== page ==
The opinion of the court was delivered by: Mae A. D'Agostino, U.S. District Judge:
MEMORANDUM-DECISION AND ORDER
On February 24, 2012, Plaintiff United States of America ("Plaintiff") commenced this action alleging that Defendant defaulted on a promissory note. See Dkt. No. 1 at 2. On July 9, 2012, the Court entered a decision granting default judgment with respect to liability, but denying the demanded relief with leave to reapply for damages. See Dkt. No. 8 at 6. Currently before the Court is Plaintiff's motion for determination of damages. See Dkt. No. 9.
The Court has taken the facts set forth below from Plaintiff's complaint and attached exhibits.Defendant is a resident of Montgomery County, New York. See Dkt. No. 1 at 1. Defendant executed a promissory note on or about September 30, 1991, for a loan in the amount of $2,625.00 with the New York State Higher Education Services Corporation. See Dkt. No. 1-1. Plaintiff asserts that Defendant owes $2,877.62 of principal and $4,045.64 of capitalized and accrued interest. See Dkt. No 1. at 2. Plaintiff further claims the promissory note stipulates an interest rate of 8% per annum. See id. The disbursement dates, as noted by the educational institution on the loan application, occurred on October 10, 1991 and December 2, 1991. See Dkt. No. 1-1. Plaintiff claims that it has demanded payment from Defendant and that Defendant has refused or neglected to pay.
On March 19, 2012, Plaintiff served Defendant with the complaint. See Dkt. No. 3. Plaintiff filed a request for entry of default on April 9, 2012. See Dkt. No. 4. On April 10, 2012, the Clerk of the Court entered default against Defendant, pursuant to Rule 55(a) of the Federal Rules of Civil Procedure. See Dkt. No. 6; Fed. R. Civ. P. 55(a). On April 11, 2012, Plaintiff filed a motion for default judgment pursuant to Rule 55(b)(2) of the Federal Rules of Civil Procedure. See Dkt. No. 7.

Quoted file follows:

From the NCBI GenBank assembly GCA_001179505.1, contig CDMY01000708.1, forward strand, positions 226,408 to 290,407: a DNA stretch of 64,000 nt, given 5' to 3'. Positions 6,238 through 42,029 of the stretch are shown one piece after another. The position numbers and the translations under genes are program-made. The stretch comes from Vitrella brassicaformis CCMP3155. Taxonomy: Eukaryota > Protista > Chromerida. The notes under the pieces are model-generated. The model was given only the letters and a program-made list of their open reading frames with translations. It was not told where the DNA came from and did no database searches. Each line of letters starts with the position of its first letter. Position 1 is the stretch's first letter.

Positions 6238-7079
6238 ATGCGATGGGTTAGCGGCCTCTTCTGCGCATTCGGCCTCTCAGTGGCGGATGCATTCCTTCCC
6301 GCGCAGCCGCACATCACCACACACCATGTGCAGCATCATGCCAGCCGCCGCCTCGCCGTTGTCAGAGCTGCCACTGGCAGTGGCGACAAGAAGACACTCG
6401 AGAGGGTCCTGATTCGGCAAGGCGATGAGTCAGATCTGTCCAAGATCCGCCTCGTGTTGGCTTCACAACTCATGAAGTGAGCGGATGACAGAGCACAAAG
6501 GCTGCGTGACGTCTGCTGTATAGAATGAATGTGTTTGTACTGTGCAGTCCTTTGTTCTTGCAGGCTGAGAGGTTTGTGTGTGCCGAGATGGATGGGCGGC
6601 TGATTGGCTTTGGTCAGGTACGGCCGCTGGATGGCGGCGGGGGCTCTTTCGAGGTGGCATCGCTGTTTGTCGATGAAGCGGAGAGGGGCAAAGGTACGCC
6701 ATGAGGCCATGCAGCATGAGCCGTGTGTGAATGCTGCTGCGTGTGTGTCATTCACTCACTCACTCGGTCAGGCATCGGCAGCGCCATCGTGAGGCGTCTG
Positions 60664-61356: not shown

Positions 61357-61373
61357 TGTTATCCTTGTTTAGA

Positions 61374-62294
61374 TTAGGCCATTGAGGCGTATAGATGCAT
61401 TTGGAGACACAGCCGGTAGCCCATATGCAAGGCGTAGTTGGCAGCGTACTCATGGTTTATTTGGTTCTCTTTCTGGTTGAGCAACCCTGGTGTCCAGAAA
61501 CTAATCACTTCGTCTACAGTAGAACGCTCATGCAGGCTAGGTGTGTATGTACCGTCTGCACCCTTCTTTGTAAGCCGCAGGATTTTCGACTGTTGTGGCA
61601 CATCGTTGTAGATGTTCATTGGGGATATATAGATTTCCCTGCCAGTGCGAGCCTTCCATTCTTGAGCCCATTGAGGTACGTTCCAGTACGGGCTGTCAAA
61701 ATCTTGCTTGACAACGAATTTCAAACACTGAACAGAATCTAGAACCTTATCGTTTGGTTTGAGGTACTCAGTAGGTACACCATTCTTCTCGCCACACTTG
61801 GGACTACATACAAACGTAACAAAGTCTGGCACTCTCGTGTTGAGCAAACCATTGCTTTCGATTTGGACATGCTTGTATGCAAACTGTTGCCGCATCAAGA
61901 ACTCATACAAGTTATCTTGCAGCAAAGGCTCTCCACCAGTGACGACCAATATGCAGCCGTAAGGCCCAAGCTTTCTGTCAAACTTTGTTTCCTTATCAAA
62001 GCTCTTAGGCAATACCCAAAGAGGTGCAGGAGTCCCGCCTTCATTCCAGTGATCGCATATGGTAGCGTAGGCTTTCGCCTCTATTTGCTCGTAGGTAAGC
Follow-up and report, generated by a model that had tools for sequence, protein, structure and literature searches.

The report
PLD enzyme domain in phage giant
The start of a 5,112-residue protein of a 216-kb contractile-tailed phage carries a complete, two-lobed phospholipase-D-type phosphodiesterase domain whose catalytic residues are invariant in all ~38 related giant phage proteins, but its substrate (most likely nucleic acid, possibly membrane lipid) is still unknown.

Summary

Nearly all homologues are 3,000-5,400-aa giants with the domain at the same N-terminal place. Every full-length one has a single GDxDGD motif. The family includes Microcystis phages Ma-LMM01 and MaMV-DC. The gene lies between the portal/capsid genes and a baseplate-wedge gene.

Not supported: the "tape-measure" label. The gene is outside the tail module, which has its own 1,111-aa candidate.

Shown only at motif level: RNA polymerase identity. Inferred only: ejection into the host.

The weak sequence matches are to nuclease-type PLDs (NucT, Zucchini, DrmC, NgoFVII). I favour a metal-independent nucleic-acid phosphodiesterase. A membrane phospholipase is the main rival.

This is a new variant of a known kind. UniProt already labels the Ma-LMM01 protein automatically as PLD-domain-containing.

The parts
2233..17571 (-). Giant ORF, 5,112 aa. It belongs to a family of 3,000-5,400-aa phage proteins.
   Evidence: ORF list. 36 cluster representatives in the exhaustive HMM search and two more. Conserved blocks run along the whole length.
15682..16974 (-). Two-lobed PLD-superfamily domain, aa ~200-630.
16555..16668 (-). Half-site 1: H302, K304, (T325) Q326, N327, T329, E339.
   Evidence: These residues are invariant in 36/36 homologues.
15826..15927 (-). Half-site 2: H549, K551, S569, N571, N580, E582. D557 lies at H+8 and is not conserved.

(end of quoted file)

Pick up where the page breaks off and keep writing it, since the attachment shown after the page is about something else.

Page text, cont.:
On July 9, 2012, this Court entered a decision granting default judgment with respect to liability, but denying the demanded relief with leave to reapply for damages. See Dkt. No. 8 at 6. The Court found that Plaintiff failed to meet its burden to establish a basis for the damages claimed. See id. at 5. While Plaintiff did submit an attorney Affidavit of Amount Due, which set forth the principal, interest owed, and per annum rate of interest, Plaintiff failed to satisfy Local Rule 55.2, which requires the interest rate submitted to be calculated at a per diem rate as well as the per annum rate. See id. at 4; see also LOCAL RULES N.D.N.Y. 55.2(a). Additionally, the
Court found a discrepancy in the amount of principal Plaintiff claimed was due. See Dkt. No. 8 at 4. The requested loan amount according to the Student Loan Application is $2,625.00. See Dkt. No. 1-1. The amount of principal listed in the complaint, however, is $2,877.62. See Dkt. No. 1 at 2. The Court also found that Plaintiff could not recover server and travel fees it incurred for serving Defendant with the summons and complaint without proving that these costs were actually incurred. See Dkt. No. 8 at 5.
In order to establish its entitlement to the damages claimed, Plaintiff was directed to submit a Certificate of Indebtedness, a full promissory note, disbursement history, demand for payment, evidence of the date of default, and evidence of the amount of loan applied for and actually received within thirty days of the filing of the Memorandum-Decision and Order. See id. at 5, n.5. On July 11, 2012, Plaintiff filed a motion for entry of damages and provided accompanying proof of service costs and an explanation for the discrepancy in principal amounts. See Dkt. No. 9. In the motion, Plaintiff explained that previously, a portion of the interest was capitalized, pursuant to 34 C.F.R. § 682.410(b)(4), adding $252.62 to the original principal amount. See id. at ¶ 5. Plaintiff also contends that a copy of the Certificate of Indebtedness had previously been provided to the Court. See id. at ¶ 4.